The climatic characteristics determine relevant varieties of vegetal landscapes. The lush forest rainforest, rich in essences from cabinet making, medicinal plants, rubber trees, etc., Covering the whole of the ‘ East; dense forest mantles are also present in the wetter northern regions of the coast and on the Andean slopes up to 2000 m, above which xerophilous species appear, including cacti, followed at around 3000 m by the herbaceous and shrubby steppe expanses of the páramos. The savannah finally it prevails in the arid southern coastal strip, while the coast is largely fringed by mangroves. 39.2% of the territory is still covered by forests but the practices of exploitation of timber and land threaten this heritage, particularly in the Sierra and the Coast, while the covering of the East is almost intact.. Ecuadorian environmental legislation is precise and diversified: there are national regulations relating to the management of the environment and the safeguarding of natural heritage, forestry laws and the conservation of natural areas (a special law exists for the province of Galápagos, 1998) and regulations on pollution prevention and control. The forest law establishes that the Ministry of the environment is responsible for the national system of protected areas, which covers 15.1% of the national territory, and which includes 11 national parks (the oldest of which, that of the Galápagos, dates back to the Fifty of the twentieth century), numerous reserves and over a hundred protected forests. Safeguarding the country’s ecosystems appears to be a matter of considerable importance if we consider that in such a limited territory there are a truly exceptional amount of animal and plant species. Two of Ecuador’s national parks have been declared a World Natural Heritage Site by UNESCO: the Sangay National Park (1983) and the Galápagos Islands National Park (1978, 2001). The first, located between the Cordillera Oriental and the Amazon basin, is characterized by the extreme diversity of ecosystems ranging from the rainforest to the high Andean peaks dotted with glaciers. The second, which includes the archipelago of Colón, is considered a living museum, the home of endemic species (40% of the species present on the islands are), especially reptiles (turtle and iguana) and birds; this is the place that allowed Charles Darwin to progress in the formulation of the theory of evolution. In January 2001, the accident involving the oil tanker “Jessica” not far from San Cristobal Island caused the spill of crude oil; the environmental disaster was only partially contained thanks to the favorable currents and the timely rescue of US Coast Guard vehicles. The site was registered in 2007 in the list of UNESCO sites in danger.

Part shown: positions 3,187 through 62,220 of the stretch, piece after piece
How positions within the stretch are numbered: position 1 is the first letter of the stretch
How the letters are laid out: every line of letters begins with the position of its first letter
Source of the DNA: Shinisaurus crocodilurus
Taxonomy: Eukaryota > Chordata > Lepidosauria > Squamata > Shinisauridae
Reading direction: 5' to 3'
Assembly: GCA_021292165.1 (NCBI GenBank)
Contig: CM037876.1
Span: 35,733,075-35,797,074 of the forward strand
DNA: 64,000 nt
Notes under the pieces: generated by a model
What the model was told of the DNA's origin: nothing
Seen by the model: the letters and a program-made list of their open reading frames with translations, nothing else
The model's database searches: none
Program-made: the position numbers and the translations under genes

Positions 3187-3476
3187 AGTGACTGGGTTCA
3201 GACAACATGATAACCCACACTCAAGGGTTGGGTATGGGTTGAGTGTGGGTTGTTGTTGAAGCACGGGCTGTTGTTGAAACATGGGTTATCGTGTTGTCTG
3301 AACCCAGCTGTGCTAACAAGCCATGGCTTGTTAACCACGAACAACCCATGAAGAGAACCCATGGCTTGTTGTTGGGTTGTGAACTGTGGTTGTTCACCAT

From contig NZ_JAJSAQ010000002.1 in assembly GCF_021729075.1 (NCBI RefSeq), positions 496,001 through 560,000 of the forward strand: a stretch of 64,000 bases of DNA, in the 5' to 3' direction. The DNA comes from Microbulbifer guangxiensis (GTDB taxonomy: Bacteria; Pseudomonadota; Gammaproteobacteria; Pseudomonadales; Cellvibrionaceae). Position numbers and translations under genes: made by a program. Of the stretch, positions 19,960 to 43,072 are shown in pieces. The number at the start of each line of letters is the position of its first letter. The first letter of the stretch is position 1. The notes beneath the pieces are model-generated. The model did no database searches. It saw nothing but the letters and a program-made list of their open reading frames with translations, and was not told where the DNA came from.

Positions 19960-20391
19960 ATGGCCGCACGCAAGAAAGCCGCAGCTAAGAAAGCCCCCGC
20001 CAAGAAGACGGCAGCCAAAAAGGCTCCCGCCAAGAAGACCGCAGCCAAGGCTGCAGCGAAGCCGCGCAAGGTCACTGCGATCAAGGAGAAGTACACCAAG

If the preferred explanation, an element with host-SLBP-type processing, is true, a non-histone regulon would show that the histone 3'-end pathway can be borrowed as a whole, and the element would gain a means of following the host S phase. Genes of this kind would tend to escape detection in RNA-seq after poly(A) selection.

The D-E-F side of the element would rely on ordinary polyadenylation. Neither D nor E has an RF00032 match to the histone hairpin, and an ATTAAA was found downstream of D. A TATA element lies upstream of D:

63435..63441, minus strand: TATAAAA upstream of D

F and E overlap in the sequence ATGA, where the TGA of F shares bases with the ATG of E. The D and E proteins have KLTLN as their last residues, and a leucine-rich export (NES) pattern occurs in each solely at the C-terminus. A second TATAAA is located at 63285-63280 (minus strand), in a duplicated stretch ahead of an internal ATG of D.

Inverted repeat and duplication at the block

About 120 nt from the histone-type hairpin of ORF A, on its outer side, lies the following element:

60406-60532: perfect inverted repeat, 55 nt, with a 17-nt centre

HISTORY: FROM THE SPANISH CONQUEST TO THE FIRST CONSTITUTION
According to areacodesexplorer, the Ecuadorian coasts were touched by the Europeans even before the Peruvian ones. In fact, in 1528, Francisco Pizarro and Diego de Almagro, to prepare for the conquest of Peru, explored the areas of Túmbes and Atacames. However, it fell to Sebastiàn de Belalcázar to occupy Ecuador after the assassination of the Inca Atahualpa. Next to the old San Francisco de Quito in ruins rose the new Quito (today’s capital). The first governor of the colony was from 1540 Gonzalo Pizarro, half-brother of Francisco, who also went into the Amazonian forests. Real Audiencia headquarters from 1563, Ecuador was part of the Viceroyalty of Peru until 1717, when it was incorporated into the newly established Viceroyalty of New Granada. Its political-administrative organization was similar to that of the other Spanish colonies in South America. The socio-economic structure also repeated the models; therefore, gradually, a landowner oligarchy of Spanish origin was established, above the great indigenous mass, forced to agricultural work and the humblest domestic or artisanal services; at the center, between these two categories, the merchant and bureaucratic class, of European extraction but native to the place (criollo). Precisely among the criollos at the end of the century. Eighteenth-century autonomy tendencies began to spread, which soon translated into aspirations for independence. The most influential proponent of such ideas was Francisco Eugenio Espejo de Santa Cruz, secretary of the Patriotic Society of Friends of the Country, who died in prison in 1796. On August 10, 1809 insurgents Creoles deposed the Iberian authorities and settled a revolutionary junta. The liberation, however, came only in 1822, after the military victories achieved in Yaguachi and Pichincha by General Antonio José de Sucre (1821 and 1822). Ecuador was thus able to join – as a third member together with Colombia and Venezuela – the Republic of Gran Colombia, established by Simón Bolívar in December 1819. But in 1830 the union crumbled and each of its members became a sovereign state. Ecuador gave itself its first national constitution on 23 September 1830 and elected General Juan José Flores as president of the Republic, exponent of the Creole aristocracy and representative of the interests of the oligarchs of the hinterland: therefore it was opposed by liberals, especially strong in the coastal area and merchant of Guayaquil. A compromise between the two sides led the liberal Vicente Rocafuerte to lead the state in 1835, who reformed the constitutional charter; Flores resumed office four years later (he too revised the Constitution, accentuating its authoritarian aspects). The struggle between liberals and conservatives flared up again, now leading each other to power.